Tuesday, June 17, 2003
Dean regrets slighting Graham http://www.cnn.com/2003/ALLPOLITICS/06/17/dean.graham.ap/
Dean said, "Bob Graham is a wonderful, decent human being, but at this time he's in single digits in all the states you can't be in single digits in. I have enormous respect for Bob Graham, but at this point he's not one of the top-tier candidates. I think that's widely recognized."
He added, "That's not to say he couldn't get to be one."
Later in the day, in a telephone call to The Associated Press, Dean said, "I regret having made the remark, and I regard Bob Graham a good friend. My remark was not intended to be dismissive of his chances."
Naturally the Graham campaign issued a defensive retort, "With all due respect, Bob Graham created twice as many jobs when he was governor of Florida than there are people in the state of Vermont." Fair enough. This is a grueling race and there are just some hits we are going to take. The alternative is to try and monitor/pre-vet every utterance of Dean, but that would sap the vitality out of his speeches. Our candidate is a straight-talker - and the occassional black mark is a small price to pay for the benefits that brings us.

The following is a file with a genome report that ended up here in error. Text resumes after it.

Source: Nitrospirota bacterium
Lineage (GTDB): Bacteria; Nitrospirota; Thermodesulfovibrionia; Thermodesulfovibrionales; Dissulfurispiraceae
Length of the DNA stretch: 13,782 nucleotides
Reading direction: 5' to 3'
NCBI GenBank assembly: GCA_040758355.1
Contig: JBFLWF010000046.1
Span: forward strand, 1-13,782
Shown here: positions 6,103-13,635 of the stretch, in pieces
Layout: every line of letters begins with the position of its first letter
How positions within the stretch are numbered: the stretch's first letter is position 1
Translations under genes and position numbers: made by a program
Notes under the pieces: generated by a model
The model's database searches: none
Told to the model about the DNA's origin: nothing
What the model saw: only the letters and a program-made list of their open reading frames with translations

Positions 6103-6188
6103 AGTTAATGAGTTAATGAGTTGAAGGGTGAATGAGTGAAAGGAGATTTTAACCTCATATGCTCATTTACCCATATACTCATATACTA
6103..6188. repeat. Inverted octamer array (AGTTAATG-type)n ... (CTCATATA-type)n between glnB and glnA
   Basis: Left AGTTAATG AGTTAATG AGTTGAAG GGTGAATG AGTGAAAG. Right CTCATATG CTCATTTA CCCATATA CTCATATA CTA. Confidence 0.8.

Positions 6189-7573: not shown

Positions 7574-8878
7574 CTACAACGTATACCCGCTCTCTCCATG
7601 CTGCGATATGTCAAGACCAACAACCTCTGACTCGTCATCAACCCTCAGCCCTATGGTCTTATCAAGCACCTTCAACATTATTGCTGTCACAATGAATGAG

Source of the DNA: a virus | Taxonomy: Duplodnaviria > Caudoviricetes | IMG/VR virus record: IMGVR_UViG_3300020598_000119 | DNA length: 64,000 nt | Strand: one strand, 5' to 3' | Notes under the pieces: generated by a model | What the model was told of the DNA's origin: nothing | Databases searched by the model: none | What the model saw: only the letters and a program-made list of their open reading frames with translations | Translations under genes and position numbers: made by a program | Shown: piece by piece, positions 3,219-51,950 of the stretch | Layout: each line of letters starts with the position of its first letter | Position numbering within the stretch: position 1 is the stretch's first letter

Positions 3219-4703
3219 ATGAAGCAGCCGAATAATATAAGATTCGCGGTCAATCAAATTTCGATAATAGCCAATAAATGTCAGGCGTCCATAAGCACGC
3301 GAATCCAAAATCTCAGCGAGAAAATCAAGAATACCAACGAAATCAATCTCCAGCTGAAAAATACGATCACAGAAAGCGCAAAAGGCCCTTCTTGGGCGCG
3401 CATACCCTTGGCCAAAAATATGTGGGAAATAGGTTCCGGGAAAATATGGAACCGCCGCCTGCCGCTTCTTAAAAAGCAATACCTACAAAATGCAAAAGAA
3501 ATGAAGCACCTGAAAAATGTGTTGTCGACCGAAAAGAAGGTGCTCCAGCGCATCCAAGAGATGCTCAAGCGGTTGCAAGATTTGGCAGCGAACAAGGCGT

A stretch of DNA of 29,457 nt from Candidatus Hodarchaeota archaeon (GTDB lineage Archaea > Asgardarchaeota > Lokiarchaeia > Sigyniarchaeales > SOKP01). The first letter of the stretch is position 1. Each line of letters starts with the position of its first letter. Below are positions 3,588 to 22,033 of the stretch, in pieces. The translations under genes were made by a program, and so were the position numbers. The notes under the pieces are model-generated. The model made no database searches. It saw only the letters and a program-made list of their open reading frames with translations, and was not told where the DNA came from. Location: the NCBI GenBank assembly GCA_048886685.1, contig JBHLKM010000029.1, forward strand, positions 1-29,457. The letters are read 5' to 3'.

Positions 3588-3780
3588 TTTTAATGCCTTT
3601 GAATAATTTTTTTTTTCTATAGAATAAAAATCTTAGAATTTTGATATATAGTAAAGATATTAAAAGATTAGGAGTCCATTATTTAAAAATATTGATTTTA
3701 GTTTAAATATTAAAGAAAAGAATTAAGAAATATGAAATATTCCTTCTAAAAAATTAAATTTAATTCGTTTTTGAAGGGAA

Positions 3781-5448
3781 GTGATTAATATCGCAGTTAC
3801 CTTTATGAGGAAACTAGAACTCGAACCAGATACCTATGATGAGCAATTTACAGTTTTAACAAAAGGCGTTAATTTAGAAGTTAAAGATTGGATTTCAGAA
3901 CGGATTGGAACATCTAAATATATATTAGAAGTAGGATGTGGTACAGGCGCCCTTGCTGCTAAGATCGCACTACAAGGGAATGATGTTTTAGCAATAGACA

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Nation-Building was founded by Aziz Poonawalla in August 2002 under the name Dean Nation. Dean Nation was the very first weblog devoted to a presidential candidate, Howard Dean, and became the vanguard of the Dean netroot phenomenon, raising over $40,000 for the Dean campaign, pioneering the use of Meetup, and enjoying the attention of the campaign itself, with Joe Trippi a regular reader (and sometime commentor). Howard Dean himself even left a comment once. Dean Nation was a group weblog effort and counts among its alumni many of the progressive blogsphere's leading talent including Jerome Armstrong, Matthew Yglesias, and Ezra Klein. After the election in 2004, the blog refocused onto the theme of "purple politics", formally changing its name to Nation-Building in June 2006. The primary focus of the blog is on articulating purple-state policy at home and pragmatic liberal interventionism abroad.